Exploring Natural Dyes with Wool

Recently, I have been trying out some natural dyes with my wool. My friend Shelby got me started with a lesson at her house. We explored:

madder root. Shelby prepared this by grinding it up. Here it is in the sieve.

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I dyed some yarn, some at full strength and some after we had “exhausted” the dye pot some. Here it is drying and then ready to use.

I used it in these hot pads (the other colors are natural grey and some yarn I dyed with hawthorn berries, which only gave a pale yellow):

I also made a felted bowl. The felting seemed to change the colors some.

I have explored something from my own farm – red iron bark, a kind of eucalyptus. First, I thought maybe I could try dyeing with some bark from another kinds of eucalyptus. In the end, it looked too pale to use. My dog, Ringo, thought he could be helpful, though as I filled the pail with water.

Back to the red iron bark. I learned about using it from a very helpful book by Rebecca Burgess: “Harvesting Color”.

In this book, Rebecca gives a lot of help for new dyers – basic equipment, a master dye bath recipe and how to make and use mordants (the things that help the color bind to the yarn) and much, much more. It turns out, you can get different colors from red iron bark, depending on when you harvest it, how much you use, and how long your fiber stays in the dye bath.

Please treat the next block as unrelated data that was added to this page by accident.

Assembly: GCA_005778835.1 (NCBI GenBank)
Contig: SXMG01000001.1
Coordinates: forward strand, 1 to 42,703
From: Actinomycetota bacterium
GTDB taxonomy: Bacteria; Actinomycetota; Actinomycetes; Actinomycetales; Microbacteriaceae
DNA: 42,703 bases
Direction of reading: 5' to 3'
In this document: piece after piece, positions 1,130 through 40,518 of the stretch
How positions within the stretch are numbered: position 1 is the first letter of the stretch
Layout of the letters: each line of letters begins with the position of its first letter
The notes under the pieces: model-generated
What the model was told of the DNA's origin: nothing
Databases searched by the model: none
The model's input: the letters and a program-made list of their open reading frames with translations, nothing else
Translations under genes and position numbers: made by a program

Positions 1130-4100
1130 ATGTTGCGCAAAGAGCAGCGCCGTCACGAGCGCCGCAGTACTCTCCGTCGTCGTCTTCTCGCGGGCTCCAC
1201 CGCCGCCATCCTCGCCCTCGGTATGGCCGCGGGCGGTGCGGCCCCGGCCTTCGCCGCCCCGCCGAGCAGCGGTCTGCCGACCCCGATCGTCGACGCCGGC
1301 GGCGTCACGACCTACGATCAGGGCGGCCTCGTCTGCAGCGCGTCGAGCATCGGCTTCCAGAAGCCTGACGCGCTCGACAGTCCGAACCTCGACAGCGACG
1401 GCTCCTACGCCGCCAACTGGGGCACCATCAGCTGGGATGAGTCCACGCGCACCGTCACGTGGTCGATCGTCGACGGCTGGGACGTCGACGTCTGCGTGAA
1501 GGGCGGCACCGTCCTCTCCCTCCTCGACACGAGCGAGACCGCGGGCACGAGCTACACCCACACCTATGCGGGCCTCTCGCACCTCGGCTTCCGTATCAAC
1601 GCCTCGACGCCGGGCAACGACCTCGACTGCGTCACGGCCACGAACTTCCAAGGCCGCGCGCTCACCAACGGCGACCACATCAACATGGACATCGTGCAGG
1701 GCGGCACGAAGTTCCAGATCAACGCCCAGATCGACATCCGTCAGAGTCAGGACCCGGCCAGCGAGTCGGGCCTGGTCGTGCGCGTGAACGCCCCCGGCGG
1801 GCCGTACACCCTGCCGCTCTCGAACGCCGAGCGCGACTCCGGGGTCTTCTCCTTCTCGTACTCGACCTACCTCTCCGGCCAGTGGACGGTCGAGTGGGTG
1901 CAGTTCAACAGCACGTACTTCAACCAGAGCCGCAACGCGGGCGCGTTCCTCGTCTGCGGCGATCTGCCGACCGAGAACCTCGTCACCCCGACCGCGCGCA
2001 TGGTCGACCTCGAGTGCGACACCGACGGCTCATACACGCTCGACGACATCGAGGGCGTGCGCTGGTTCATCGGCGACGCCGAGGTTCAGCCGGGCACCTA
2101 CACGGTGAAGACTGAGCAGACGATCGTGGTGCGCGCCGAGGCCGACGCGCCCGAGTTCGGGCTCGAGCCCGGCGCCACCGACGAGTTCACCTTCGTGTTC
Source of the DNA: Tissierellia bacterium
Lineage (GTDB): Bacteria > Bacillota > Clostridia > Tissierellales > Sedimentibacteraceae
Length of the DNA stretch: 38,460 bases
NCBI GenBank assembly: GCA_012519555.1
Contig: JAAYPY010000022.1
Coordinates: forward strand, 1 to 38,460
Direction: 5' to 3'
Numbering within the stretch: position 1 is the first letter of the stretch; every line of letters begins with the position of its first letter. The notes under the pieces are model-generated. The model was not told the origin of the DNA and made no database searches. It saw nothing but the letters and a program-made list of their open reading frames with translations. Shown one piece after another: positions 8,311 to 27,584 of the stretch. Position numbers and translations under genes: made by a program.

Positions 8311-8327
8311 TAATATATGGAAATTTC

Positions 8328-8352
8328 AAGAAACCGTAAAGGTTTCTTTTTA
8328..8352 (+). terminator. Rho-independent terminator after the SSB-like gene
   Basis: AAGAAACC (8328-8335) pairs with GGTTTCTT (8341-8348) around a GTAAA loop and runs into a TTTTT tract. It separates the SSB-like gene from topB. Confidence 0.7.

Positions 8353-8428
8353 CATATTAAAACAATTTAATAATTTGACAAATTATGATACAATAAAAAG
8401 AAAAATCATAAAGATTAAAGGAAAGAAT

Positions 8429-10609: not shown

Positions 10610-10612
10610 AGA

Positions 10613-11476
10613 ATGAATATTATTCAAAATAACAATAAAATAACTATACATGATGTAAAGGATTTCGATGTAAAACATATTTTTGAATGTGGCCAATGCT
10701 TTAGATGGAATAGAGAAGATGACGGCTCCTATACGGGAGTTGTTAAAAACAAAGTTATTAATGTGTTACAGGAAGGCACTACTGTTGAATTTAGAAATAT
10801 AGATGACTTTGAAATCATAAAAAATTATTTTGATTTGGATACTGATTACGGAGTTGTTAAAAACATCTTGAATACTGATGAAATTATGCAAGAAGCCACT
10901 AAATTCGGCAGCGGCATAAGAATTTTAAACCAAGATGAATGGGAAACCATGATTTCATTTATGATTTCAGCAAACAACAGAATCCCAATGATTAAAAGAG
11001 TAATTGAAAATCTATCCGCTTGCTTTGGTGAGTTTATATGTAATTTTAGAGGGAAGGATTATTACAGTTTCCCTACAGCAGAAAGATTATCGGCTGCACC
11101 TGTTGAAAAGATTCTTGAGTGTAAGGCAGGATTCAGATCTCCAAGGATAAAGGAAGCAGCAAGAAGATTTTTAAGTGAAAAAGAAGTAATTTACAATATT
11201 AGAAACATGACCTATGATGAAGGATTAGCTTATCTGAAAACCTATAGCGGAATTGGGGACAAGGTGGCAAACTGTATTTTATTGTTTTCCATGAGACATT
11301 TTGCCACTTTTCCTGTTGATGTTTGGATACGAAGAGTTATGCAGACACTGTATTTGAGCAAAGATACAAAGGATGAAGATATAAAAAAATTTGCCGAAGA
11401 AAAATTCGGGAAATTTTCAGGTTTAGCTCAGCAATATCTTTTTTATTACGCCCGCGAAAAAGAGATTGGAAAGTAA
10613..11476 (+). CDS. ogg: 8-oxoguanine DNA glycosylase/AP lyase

See the red color in the stems? Rebecca explains that the color can give you a clue that you might get reddish color from this tree.

Here’s what I got the first time I tried it. The yellow is the red iron bark, the grey and white are natural Jacob Sheep yarn.

My friend, Chris, suggested this color combination. I thought it was a really good suggestion and so I made this hot pad from these yarns.

See how nice it looks on Chris’ table?!

I am enjoying working with natural dyes. It is like opening a present to see what the yarn color turns out to be. I am now participating as an artisan on the Fibershed Marketplace. Here is a link to the website if you want to see some more of my products, some with natural colors and some naturally dyed: Fibershed Marketplace. My items are under “Housewares”.

A last note: I enjoy preparing the wool for my projects out on my patio. It’s nice to be able to be out there with our dogs running around. However, sometimes, Ringo (as he was above) is just a little too helpful. He seems to think that laying on my collecting screen will be helpful when I’m trying to use the picker to prepare the wool for carding. Not helpful, Ringo!

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Published in: on April 16, 2012 at 5:04 am  Comments (1)  

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One CommentLeave a comment

  1. I love that Ringo. He is most definitely “helping!”


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